This article is the 36th in a series profiling couples who have been married for at least 35 years. As sociologist Mark Regnerus writes, “Young adults want to know that it’s possible for two fellow believers to stay happy together for a lifetime, and they need to hear how the generations preceding them did it.” It is also important to see that marriages are not always happy all the time, but commitment is crucial.
TUCSON, Ariz.—After four knee surgeries, LaDonna Evans couldn’t cook, clean, or shop—so her husband John, an engineer, did the dirty work.
In the last six years, LaDonna’s eight major surgeries and the floundering of John’s home-based engineering business have tested the strength of the couple’s 45-year marriage. They’ve moved past puppy love and learned to do the little things: John turns back the bed for LaDonna. She bakes his favorite chocolate chip cookies.
They met at church around 1964. Choirboy John spotted 15-year-old LaDonna at a New Year’s Eve scavenger hunt. He liked what he saw, but never expected to see her again. LaDonna’s older sister spotted John, 19, and developed a crush on him. LaDonna was unimpressed, deterred by his glasses.
Both of LaDonna’s parents worked and restricted dating before 16, so John drove across town and into the desert, through saguaro-lined roads to see her. The two spent the summer sitting on LaDonna’s front porch in 100-degree heat. John did most of the talking. They enjoyed each other’s company and a physical attraction.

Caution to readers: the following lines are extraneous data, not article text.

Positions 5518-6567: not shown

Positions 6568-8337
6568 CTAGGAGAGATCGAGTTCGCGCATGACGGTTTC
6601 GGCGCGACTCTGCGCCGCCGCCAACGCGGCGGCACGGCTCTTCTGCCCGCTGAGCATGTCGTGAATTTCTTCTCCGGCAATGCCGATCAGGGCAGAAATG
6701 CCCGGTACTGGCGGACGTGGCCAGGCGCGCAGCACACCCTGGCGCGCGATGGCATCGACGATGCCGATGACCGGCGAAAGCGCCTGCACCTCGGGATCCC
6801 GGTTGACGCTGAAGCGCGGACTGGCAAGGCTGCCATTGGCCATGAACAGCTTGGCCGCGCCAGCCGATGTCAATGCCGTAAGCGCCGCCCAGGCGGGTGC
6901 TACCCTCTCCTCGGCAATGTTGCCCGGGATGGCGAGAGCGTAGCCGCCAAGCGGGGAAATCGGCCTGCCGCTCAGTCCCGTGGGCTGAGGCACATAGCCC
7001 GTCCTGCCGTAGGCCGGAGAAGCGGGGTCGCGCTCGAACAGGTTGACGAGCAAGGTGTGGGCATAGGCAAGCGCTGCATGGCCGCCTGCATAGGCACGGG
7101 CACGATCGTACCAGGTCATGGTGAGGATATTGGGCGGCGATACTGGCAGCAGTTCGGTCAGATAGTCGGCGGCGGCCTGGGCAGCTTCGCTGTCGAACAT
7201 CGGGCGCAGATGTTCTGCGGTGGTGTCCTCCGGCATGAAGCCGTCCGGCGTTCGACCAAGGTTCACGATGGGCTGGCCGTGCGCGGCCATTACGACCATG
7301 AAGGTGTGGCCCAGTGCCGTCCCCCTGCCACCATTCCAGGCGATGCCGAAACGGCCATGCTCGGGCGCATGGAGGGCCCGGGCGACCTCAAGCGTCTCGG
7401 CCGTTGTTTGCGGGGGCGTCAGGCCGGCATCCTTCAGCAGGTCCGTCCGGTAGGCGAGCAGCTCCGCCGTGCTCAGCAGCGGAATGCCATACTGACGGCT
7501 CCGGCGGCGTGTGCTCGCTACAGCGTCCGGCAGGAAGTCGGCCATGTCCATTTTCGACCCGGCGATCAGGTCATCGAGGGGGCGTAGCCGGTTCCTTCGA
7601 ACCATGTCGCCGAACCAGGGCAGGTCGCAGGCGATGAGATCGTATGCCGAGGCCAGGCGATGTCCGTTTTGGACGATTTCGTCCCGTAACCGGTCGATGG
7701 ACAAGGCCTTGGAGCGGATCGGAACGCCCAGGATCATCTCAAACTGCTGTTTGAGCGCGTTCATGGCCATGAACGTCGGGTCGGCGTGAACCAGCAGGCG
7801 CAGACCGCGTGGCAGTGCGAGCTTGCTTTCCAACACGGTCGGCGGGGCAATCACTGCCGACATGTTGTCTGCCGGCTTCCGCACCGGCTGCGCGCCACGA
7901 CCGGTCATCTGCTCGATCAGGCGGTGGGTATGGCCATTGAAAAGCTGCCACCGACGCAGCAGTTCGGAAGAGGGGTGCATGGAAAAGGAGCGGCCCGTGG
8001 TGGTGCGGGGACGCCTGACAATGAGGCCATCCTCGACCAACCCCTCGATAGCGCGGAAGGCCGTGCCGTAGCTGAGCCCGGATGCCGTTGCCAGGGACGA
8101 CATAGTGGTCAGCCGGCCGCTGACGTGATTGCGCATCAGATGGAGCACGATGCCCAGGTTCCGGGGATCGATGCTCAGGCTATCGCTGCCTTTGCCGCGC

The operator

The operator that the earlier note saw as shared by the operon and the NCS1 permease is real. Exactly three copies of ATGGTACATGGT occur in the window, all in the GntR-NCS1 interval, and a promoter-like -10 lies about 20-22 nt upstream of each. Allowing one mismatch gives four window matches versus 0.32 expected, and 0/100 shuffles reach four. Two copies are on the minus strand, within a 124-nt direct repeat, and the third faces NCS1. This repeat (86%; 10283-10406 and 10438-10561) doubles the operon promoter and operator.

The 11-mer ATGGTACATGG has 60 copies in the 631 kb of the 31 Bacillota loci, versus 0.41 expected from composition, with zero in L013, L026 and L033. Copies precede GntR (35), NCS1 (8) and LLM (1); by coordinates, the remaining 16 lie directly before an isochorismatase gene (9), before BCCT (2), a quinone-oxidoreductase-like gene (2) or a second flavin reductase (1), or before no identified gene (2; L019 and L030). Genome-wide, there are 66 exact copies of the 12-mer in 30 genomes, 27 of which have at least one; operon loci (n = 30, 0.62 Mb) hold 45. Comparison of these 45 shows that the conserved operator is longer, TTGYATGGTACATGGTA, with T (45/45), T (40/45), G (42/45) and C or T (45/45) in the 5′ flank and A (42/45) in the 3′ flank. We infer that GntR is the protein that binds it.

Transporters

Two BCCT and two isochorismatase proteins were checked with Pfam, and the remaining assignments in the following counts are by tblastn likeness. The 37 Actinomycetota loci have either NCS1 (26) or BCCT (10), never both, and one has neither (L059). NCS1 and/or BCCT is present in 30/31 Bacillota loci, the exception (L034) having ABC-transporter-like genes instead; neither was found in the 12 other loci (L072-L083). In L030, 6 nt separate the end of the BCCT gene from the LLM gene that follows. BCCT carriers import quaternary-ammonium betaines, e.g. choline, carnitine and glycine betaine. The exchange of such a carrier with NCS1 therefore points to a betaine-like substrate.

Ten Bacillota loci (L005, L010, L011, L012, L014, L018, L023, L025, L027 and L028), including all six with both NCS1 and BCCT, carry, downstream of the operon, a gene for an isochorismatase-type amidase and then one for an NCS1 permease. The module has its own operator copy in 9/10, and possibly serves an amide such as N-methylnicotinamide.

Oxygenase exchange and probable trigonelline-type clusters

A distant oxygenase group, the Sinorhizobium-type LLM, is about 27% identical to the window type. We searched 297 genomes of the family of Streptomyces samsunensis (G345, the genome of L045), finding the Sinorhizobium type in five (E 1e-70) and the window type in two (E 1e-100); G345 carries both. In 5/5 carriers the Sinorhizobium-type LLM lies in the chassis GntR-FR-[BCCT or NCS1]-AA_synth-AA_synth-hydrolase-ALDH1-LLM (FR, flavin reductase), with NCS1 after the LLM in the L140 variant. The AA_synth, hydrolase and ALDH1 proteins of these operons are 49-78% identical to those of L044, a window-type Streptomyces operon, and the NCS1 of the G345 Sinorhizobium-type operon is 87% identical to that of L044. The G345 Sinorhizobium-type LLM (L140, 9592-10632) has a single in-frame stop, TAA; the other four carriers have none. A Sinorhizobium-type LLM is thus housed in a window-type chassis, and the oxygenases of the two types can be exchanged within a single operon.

But when they married in 1967, their relationship had to grow up. The first 15 years brought discontent, as they moved to California and back to Arizona, raising four children. LaDonna expected marriage to bring immediate fulfillment, but instead found herself believing that staying at home as a mother indicated a lack of worth.
In 1982, LaDonna realized she was not actually a Christian: “I think John suspected that I was not a believer, but I would say, ‘I am too,’ thinking I was, but I wasn’t.”
The couple argued about going to church. Their children expressed faith in Christ, and LaDonna watched them laugh around the dining room table. She realized she lacked that joy in her own life, and soon after professed Christ as Savior.
The couple’s common faith helped their relationship mature. They grew closer even when John started an engineering business from home. An office at the front of the house kept John and his clients from tromping through the family’s home, intruding on LaDonna’s quiet days. Their marriage grew with LaDonna stranded in bed, trapped by surgeries and recoveries.
The couple no longer sits on the porch surrounded by desert and the heat of infatuation, but they still sit together, now on the comfy sofas of their Tucson home.
“I’m not a believer in love at first sight,” LaDonna said, looking at John. “You aren’t either, are you?”
John hesitated before responding.
“I don’t know,” he said. “I thought I was in love when I first saw you.”